The oysters are tumbled several times while they are growing. After they reach the desired size, they are bottom planted on the hard sand for the remainder of their life cycle. This combination produces an oyster that has a hard shell making them easier to shuck. They range in size from petite to large.
Farmer: Chris Gargiulo leases five shellfish aquaculture grants in Cotuit Bay totaling nearly 34 acres. Each site is used for different phases of the grow-out process. Predation, habitat, and depth all play critical roles in where each stage of the oyster life cycle takes place. Cotuit Oyster Company dates back to 1857 and produced one of the oldest brand name of oysters in the US.
Flavor Profile: moderately salty with a sweet finish.
Chatham Shellfish Company has been cultivating Chatham Oysters on its lease site since 1976. The well-known oyster with year-round availability has captivated oyster aficionado’s attention for decades. Oysters are available in petite, small, and extra-large sizes. These grades of the Chatham Oyster are selected for their deep cup and round shape.
Farmer: Stephen Wright began with Chatham Shellfish Co. in 2000 after graduating from the University of Maine with a degree in Aquaculture. He has been passionately farming oysters and managing farm operations ever since.
Flavor Profile: Strong mineral brine and plump, rich meats with a lingering slate finish.
Cotuit Oyster Company
Shellfish farming in particular may be the only form of commercial-scale protein production that provides a net benefit to the environment where it is grown. Oysters are natural ocean cleaners and protect the ecosystem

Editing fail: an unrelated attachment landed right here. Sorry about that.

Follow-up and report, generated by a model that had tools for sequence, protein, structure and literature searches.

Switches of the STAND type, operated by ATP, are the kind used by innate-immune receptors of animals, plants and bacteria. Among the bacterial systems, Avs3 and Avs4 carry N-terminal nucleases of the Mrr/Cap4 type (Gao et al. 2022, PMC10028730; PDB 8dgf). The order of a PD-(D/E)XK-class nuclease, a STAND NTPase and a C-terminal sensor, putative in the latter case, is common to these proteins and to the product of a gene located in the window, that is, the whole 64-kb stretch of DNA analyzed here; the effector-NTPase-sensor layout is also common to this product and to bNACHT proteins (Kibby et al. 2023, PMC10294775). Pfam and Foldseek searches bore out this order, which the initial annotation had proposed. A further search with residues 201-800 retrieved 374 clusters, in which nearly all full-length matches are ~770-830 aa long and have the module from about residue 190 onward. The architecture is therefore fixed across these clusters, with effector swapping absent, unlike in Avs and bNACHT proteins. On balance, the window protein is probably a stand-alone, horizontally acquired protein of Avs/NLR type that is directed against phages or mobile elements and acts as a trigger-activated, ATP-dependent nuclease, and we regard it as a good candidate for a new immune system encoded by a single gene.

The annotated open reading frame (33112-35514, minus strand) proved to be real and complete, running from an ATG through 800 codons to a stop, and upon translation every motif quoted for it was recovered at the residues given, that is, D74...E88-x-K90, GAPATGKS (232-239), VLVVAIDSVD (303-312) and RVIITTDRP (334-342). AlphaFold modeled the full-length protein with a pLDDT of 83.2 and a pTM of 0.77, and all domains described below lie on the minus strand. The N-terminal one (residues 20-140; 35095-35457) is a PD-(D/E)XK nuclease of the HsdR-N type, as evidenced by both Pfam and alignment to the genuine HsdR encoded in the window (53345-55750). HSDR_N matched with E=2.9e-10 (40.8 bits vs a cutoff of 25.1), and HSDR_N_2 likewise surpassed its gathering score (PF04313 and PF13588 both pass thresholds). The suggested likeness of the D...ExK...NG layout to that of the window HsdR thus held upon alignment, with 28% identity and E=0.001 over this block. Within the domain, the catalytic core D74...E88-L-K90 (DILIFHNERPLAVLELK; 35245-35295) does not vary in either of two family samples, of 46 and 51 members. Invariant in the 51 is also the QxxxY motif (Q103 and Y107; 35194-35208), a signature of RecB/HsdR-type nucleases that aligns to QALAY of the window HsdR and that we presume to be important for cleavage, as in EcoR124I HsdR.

As close as you can get to wild oyster growing. Spat is spread on the ocean floor and thrives in the same water and living conditions as wild oysters. Pros: produces tough and healthy shells. Cons: farmers lose oysters to nature.
The salty liquid or “liquor” of an oyster. Oysters take on the salinity of the water they grow in.
Metal cages that hold bags of oyster seed to protect them from predators and harsh ocean conditions. Cages are turned to evenly distribute access to tidal flow and food.
Housed inside cages, they provide more protection to the oysters.
Adapted from French aquaculture. Hundreds of oysters are placed in grow-out bags fastened to rebar racks to elevate the oysters above the ocean floor. This elevation allows superior tidal flow to encompass the oysters so they can easily feast on natural phytoplankton and nutrients in the water column.
Methods of growing that keeps oysters above the ocean floor. Pros: oysters are more enclosed and protected, producing higher yield. Cons: More money and effort spent on growing gear.
Floating oysters typically never dry out and get the benefit of high wave activity that naturally tumbles them.
Baby oysters after they have set to a grow structure. It’s common for oyster farmers to buy spat that has been spawned and fertilized in a hatchery.
Trays serve the same function as grow-out bags but can be stacked to maximize space.
Promotes uniform and strong shells by chiseling oysters in a tumbler or naturally by tides.
A water flow system that constantly pumps nutrient-rich water up through and around the oyster seed to feed them phytoplankton and other nutrients.